The Boston Chapter organizes a variety of cultural and social events for its members throughout the year. Proceeds from Chapter benefits have been designated for specific grants that members have voted to support. The Boston Chapter has raised funds for restoration projects in Massachusetts at Gore Place, The Mount, and for Trinity Church, as well as Manoir du Catel, built in France in 1270 by a close friend of King Louis IX.
Recent Chapter highlights have included special receptions and dinners around the following lectures: “Inventing the Louvre: Art Politics and the Origins of the Modern Museum in Eighteenth- Century Paris,” by Andrew McClellan, Ph.D., Dean of Academic Affairs, Tufts University and former Chair of the Department of Art and Art History; and “France and the American Revolution: How French Political, Military and Financial Aid Influenced the Outcome of the American Revolution” by William M. Fowler, Jr.
For further information or to learn more about Membership, please contact the Boston Chapter directly.
Laura Auricchio, author of "The Marquis: Lafayette Reconsidered", will be giving a lecture based on her book to the Boston Chapter. A copy of Ms. Auriccio's book will be included in the price of the evening and she will be available to sign it.
Thursday, April 30th
7:30pm Optional Dinner
287 Dartmouth Street
Boston, MA 02116
Valet parking available for $20
This major biography of the French hero of the American Revolution, who, at age nineteen, volunteered to fight under George Washington, looks past the storybook hero and selfless champion of righteous causes to reveal a rich portrait of the man, driven by dreams of glory and felled by tragic, human weaknesses.
Drawing on substantial new research conducted in France and the United States, this volume provides history on a grand scale while answering the crucial questions of: Why did Americans shower Lafayette with so much acclaim that he remains a hero today, being named an honorary U.S. citizen in 2002—becoming only the seventh person ever granted this distinction? And why, in contrast, does his memory continue to be denigrated in his own land? The Marquis reveal the man and his complex life, while challenging and exploring the complicated myths that have surrounded his name for more than two centuries.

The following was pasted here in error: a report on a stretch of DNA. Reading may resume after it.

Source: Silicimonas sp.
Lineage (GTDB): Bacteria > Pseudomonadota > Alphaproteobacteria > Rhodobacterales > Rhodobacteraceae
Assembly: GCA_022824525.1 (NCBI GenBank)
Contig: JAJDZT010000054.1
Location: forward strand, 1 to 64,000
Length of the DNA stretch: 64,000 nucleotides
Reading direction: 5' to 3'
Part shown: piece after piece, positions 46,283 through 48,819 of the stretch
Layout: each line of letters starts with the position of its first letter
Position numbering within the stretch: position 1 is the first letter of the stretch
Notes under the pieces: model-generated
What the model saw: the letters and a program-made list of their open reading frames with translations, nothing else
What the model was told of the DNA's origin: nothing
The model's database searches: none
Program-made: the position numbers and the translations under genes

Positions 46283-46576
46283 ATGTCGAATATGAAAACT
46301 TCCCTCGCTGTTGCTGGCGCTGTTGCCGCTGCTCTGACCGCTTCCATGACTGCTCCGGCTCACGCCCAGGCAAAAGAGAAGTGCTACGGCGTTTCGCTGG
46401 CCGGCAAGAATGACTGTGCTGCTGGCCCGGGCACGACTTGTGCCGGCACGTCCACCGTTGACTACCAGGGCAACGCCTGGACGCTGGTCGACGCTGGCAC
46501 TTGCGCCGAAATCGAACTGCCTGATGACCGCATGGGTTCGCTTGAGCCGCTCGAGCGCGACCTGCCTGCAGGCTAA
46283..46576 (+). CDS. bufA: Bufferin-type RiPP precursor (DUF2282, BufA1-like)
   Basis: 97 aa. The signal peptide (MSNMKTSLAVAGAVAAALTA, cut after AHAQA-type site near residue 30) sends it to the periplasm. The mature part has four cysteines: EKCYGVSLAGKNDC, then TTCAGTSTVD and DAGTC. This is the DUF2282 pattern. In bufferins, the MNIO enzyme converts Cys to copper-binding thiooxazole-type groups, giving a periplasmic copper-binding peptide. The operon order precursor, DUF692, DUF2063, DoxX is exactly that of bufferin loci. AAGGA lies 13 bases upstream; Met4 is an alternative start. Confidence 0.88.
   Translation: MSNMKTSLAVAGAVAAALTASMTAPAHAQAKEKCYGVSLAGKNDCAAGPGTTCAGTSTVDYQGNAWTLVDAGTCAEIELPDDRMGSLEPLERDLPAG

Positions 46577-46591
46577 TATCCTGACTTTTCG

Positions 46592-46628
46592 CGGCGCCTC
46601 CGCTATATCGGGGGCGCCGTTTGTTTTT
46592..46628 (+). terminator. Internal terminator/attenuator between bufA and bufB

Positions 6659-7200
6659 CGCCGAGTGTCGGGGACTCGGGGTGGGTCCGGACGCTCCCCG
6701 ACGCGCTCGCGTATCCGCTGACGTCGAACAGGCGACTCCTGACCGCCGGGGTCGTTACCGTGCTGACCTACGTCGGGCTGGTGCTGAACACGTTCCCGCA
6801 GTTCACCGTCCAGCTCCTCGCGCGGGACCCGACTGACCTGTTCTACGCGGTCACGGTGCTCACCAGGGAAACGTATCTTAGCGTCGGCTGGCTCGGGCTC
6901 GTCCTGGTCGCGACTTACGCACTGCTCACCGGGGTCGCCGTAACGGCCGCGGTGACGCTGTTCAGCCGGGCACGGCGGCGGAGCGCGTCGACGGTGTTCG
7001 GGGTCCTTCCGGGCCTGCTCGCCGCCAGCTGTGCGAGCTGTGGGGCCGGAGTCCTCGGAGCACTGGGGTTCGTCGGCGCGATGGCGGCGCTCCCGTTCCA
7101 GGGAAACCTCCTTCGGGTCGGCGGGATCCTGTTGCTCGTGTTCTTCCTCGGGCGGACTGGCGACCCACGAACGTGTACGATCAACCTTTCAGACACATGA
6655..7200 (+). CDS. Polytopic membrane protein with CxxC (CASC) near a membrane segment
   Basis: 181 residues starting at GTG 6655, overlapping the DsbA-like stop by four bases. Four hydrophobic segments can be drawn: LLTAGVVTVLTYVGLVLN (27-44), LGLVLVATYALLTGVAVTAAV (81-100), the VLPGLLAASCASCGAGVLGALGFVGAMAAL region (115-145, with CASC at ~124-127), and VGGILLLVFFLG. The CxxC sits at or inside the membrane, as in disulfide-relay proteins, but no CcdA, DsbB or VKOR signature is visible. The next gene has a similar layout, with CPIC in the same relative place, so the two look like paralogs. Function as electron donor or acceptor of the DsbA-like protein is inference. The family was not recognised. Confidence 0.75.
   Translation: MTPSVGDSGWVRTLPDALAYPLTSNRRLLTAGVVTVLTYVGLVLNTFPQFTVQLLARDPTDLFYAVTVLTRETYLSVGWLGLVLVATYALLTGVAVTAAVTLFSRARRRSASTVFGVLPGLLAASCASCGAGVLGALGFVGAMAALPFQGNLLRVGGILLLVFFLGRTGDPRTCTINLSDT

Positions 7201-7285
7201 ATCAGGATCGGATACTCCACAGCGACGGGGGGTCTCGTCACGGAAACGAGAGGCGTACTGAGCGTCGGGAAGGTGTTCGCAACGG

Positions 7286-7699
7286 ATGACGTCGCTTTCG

Laura Auricchio is a specialist in eighteenth-century French history and art who received her undergraduate degree from Harvard and her PhD from Columbia University. Auricchio has been the recipient of major fellowships from the Fulbright Foundation, the Whiting Foundation, and Columbia University. She is currently the Dean of the School of Undergraduate Studies at The New School. She lives in New York with her husband.
On Thursday, October 30th, Professor Joan DeJean will come to Boston to talk about "How Paris Became Paris, Making a Great Walking City".
The event will take place at the Country Club in Brookline with cocktails at 6pm, followed by the lecture and then an optional dinner. The occasion is the recent publication of Prof. DeJean's book "How Paris Became Paris, the Invention of the Modern City".
Professor DeJean came a few years ago to talk about her last book, “The Age of Comfort”, and everybody who remembers her lecture then will be able to tell you what a fantastic lecturer she is. Her book on Paris was received to great acclaim throughout the US, including extremely positive reviews in the NY Times.
The Country Club
191 Clyde Street
Chestnut Hill, MA 02467
Courtesy of Dr. Francis de Marneffe
Cocktail, Lecture and Book $75: click here to purchase tickets
Cocktail, Lecture, Book and Dinner $145: click here to purchase tickets
Please RSVP by October 28, 2014